The encouraging 71 per cent voter turnout in the first phase of the Jammu and Kashmir Assembly poll plus the violence-free atmosphere in which the election campaign is being conducted is a thumbs-up for Indian democracy. Whether the active engagement of voters with the democratic process was a result of widespread anti-incumbency will be known once the votes are counted on December 23. In the absence of opinion and exit polls, the analyst is obliged to rely on media reportage and anecdotal evidence. These indicate three broad developments. First, it is likely that the People’s Democratic Party led by Mufti Mohammad Sayeed and his feisty daughter Mehbooba Mufti will be the principal gainer in the 46 seats of Kashmir. It is entirely possible that the National Conference led by chief minister Omar Abdullah and his Congress ally may experience a total rout in the Valley. Second, it seems that the fear of an ascendant Bharatiya Janata Party and the possibility of a chief minister from the Jammu region have motivated many of those loosely associated with the parties of the Hurriyat Conference to break ranks and participate in the voting. Finally, it appears that the BJP has made huge inroads in the state where it won three of the six Lok Sabha seats in the general election. The BJP’s gain in Jammu will primarily be at the cost of the Congress and NC. In addition, the BJP has forcefully registered its presence in Ladakh and may even be in the running in six constituencies in the Kashmir Valley.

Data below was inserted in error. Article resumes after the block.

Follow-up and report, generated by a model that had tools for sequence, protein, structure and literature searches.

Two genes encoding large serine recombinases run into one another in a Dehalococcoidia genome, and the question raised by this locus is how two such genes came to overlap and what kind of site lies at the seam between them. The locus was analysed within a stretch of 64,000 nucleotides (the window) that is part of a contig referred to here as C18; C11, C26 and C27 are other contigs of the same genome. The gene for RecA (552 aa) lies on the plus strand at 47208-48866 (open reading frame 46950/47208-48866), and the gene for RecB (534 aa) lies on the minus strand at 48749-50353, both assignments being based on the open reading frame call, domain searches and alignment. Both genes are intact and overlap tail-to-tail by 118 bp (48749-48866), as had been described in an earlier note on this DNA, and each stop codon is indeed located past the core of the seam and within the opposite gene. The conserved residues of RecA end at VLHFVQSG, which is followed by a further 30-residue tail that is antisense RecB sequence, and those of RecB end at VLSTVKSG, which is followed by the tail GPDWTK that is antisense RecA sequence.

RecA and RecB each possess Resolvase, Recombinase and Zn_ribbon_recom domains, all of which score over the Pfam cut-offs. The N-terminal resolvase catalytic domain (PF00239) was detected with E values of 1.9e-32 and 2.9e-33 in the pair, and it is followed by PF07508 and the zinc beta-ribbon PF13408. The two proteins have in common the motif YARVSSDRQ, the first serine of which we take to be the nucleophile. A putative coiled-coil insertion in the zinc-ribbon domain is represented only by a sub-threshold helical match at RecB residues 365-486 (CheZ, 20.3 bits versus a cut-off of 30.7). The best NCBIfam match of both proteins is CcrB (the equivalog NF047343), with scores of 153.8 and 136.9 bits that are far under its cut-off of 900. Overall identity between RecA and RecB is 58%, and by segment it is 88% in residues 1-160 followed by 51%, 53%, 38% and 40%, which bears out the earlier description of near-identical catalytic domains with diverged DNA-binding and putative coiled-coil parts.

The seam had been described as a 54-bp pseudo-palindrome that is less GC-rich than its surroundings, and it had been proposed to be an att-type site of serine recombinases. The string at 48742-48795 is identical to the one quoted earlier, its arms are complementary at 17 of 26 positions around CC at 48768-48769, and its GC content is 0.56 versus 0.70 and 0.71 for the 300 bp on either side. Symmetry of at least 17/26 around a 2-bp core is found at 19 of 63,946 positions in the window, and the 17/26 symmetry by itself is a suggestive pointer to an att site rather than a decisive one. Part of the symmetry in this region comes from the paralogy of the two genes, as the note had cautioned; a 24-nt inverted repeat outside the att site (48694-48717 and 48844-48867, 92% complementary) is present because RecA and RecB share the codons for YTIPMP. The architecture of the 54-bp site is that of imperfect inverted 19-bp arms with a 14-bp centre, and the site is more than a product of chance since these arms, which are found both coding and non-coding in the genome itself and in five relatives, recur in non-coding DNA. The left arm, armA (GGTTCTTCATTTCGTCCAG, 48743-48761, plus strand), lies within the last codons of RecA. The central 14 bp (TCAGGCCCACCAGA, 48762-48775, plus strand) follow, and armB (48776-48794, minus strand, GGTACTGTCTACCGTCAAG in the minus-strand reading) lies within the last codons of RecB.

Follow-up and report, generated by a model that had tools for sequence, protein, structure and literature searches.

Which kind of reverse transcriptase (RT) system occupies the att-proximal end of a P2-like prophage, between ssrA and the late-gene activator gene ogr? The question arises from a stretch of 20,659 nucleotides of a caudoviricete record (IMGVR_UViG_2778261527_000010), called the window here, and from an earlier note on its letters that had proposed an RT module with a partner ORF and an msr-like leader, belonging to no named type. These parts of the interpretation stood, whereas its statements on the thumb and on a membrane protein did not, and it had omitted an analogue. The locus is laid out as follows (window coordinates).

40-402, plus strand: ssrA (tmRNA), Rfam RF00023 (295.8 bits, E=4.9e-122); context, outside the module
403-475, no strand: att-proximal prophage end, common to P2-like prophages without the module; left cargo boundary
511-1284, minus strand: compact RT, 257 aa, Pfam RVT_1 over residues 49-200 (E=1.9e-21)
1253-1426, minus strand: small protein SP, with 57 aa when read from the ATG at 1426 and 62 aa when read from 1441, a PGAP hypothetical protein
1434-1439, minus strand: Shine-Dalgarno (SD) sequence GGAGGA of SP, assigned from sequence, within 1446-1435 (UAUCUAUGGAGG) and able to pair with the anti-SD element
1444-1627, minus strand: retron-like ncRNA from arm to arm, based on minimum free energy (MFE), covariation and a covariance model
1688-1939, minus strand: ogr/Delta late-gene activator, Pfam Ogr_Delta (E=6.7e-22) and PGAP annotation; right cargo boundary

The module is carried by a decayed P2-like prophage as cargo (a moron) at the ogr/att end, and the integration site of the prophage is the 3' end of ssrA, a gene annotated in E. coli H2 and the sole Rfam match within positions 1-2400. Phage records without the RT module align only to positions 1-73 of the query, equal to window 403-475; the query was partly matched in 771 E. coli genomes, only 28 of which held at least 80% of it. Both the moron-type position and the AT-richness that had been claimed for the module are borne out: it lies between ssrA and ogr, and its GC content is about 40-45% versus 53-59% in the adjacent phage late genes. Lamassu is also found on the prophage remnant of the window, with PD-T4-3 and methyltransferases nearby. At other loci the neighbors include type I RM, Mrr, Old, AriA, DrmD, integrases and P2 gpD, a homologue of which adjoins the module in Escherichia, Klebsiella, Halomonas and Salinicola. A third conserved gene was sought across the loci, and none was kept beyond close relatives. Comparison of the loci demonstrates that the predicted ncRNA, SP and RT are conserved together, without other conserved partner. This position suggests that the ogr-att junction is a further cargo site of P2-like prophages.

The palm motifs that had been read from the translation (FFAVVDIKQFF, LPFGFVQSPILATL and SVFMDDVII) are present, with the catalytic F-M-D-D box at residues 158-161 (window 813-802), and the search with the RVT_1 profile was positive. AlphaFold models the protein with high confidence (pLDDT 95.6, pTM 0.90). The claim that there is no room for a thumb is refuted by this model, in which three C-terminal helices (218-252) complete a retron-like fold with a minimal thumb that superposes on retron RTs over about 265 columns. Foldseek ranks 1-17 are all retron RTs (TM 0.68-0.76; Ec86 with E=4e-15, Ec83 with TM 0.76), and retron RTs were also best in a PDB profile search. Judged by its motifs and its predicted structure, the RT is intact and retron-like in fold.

The spatial distribution of seats in the 87-member J&K Assembly does seem to negate the likelihood of the BJP achieving its 44-plus target unless, of course, it wins every seat in Jammu and Ladakh and score surprise victories in the six seats of the Valley. However, regardless of the scale of its performance, there is no doubt that the party has injected a new dimension in state politics. A reporter from Delhi who toured the Kashmir Valley told me of her astonishment over the fact that BJP candidates were actually canvassing for votes in Muslim-dominated localities: “A few years ago they would have run the risk of being attacked, even shot.”
There are some who attribute the non-hostility to BJP campaigners to the good work done by defence personnel during the devastating floods a few months ago. Others suggest that, like the rest of India, there is a willingness to give the Prime Minister a chance to repair the economy and reinvigorate India. I personally found it interesting that Ms Mufti chose to highlight the importance of smart cities in her campaign while berating the NC-Congress coalition for misgovernance. This is not to say that the familiar alarmism over the BJP repealing Article 370 and effecting a demographic transformation of the state were absent. Certainly the Delhi media did its bit to prey on imaginary insecurities. Yet, what is interesting is that the BJP’s all-too-familiar position on the complete integration of J&K in the Indian Union did not generate an outpouring of Islamic identity.